RESEARCH ARTICLE


Relationship Between Wind Instrument Playing Habits and Symptoms of Temporomandibular Disorders in Non-Professional Musicians



Akira Nishiyama1, *, $, Erisa Tsuchida2, $
1 Orofacial Pain Management, Oral Health Sciences, Graduate School of Medical and Dental Sciences, Tokyo Medical and Dental University, Tokyo, Japan
2 Oral-Maxillofacial Surgery, Dentistry and Orthodontics, The University of Tokyo Hospital, Tokyo, Japan


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© Nishiyama and Tsuchida; Licensee Bentham Open

open-access license: This is an open access article licensed under the terms of the Creative Commons Attribution-Non-Commercial 4.0 International Public License (CC BY-NC 4.0) (https://creativecommons.org/licenses/by-nc/4.0/legalcode), which permits unrestricted, non-commercial use, distribution and reproduction in any medium, provided the work is properly cited.

* Address correspondence to this author at the Orofacial Pain Management, Oral Health Sciences, Graduate School of Medical and Dental Sciences, Tokyo Medical and Dental University, Tokyo 113-8549, Japan; Tel: +81-3-5803-5713; Fax: +81-3-5803-5713; E-mail: anishi.tmj@tmd.ac.jp

These authors contributed equally to this study.



Abstract

Background:

In this study, we focused on the habits of wind instrumentalists as well as the presence of playing instruments, and investigated associations between the risk of temporomandibular disorders (TMD) and playing wind instruments in non-professional musicians.

Material and Methods:

Seventy-two non-professional players of wind instruments (instrument group) (mean(SD), 20.0(1.1) y; 42 women) and 66 non-players (control group) (22.0(2.6) y; 45 women) participated in this study. Factors were investigated using questionnaires (a screening questionnaire for TMD, instrument playing habits, years of experience, and time played per day).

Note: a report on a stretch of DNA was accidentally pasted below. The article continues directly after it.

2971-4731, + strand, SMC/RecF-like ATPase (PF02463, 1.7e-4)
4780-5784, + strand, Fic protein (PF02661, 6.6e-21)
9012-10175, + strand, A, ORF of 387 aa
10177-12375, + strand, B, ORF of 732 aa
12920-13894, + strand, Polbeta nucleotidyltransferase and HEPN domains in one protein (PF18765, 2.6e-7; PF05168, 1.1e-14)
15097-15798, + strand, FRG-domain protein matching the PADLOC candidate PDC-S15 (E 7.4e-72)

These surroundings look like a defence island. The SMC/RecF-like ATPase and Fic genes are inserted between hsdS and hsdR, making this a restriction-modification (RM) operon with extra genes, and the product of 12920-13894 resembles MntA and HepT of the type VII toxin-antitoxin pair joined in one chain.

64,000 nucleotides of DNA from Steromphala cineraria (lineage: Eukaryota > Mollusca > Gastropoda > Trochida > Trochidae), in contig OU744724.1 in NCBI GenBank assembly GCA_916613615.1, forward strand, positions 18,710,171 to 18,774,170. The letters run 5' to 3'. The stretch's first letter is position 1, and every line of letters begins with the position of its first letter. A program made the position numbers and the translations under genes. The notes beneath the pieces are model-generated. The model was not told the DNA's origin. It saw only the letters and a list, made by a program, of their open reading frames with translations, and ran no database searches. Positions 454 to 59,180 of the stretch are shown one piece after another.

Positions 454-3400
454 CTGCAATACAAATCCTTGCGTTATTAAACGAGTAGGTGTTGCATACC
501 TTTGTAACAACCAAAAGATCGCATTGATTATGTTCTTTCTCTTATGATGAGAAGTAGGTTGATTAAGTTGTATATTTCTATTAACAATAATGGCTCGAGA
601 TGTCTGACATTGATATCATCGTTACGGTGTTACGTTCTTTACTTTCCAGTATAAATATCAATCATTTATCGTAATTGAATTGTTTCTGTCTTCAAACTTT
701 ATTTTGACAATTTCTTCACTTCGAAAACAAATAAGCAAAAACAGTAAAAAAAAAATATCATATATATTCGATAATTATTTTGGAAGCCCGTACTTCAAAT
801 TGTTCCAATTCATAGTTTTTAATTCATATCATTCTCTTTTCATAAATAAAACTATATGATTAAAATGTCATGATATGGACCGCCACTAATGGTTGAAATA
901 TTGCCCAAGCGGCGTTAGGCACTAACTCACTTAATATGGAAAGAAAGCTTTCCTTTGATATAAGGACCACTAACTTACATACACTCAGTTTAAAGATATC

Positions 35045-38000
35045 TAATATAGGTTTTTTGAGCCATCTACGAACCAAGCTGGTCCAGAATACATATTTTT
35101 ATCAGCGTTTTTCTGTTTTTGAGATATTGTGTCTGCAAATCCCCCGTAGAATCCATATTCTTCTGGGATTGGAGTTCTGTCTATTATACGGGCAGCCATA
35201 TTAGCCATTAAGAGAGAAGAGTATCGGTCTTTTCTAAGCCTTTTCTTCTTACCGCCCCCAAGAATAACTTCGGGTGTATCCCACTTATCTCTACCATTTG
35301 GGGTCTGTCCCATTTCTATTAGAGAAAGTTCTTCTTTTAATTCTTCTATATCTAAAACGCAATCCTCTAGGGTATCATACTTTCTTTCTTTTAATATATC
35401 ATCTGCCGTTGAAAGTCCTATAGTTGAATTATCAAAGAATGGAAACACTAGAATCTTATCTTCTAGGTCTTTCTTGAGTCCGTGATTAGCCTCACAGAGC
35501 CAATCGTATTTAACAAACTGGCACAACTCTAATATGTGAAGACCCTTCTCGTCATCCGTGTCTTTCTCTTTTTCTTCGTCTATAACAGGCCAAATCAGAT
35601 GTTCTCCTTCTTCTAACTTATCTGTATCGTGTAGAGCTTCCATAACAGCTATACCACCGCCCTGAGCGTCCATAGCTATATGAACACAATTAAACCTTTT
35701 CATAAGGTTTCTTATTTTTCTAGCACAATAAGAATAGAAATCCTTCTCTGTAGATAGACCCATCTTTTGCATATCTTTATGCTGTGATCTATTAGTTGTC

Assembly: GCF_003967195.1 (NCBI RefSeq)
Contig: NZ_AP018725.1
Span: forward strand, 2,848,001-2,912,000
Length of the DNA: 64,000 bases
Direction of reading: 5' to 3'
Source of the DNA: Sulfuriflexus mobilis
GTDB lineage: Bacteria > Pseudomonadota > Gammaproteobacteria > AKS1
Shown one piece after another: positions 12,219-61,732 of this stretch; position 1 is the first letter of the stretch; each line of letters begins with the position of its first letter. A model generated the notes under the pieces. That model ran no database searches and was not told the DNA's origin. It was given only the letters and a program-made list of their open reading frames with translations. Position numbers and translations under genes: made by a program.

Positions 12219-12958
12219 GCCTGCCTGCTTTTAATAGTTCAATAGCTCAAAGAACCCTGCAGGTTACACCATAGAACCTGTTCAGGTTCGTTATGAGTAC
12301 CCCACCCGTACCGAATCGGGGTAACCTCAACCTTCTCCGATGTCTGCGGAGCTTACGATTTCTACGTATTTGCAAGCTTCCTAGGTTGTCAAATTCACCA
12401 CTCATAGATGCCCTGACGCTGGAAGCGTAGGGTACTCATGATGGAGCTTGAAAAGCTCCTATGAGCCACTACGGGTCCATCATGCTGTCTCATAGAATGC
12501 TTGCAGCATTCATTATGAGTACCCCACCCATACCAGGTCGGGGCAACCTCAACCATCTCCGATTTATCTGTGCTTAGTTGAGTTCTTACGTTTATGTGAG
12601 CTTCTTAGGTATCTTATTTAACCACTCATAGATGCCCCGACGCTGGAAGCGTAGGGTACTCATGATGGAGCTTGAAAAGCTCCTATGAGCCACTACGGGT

Result:

The prevalence of a high risk of TMD was not significantly different between the instrument group (29.2%) and control group (21.2%). In the instrument group, the frequency of subjects who felt mouthpiece pressure in the high risk of TMD group (47.6%) was significantly greater than that in the low risk of TMD group (21.6%). Mouthpiece pressure was found to be a significant factor contributing to a high risk of TMD (odds ratio, 3.31; 95% CI, 1.12–9.79).

Conclusion:

This study suggests that pressure from the mouthpiece was one of the contributing factors related to a high risk of TMD in non-professional wind instrument players.

Keywords: Amateur instrumentalists, Embouchure, Screening questionnaire, Wind instruments.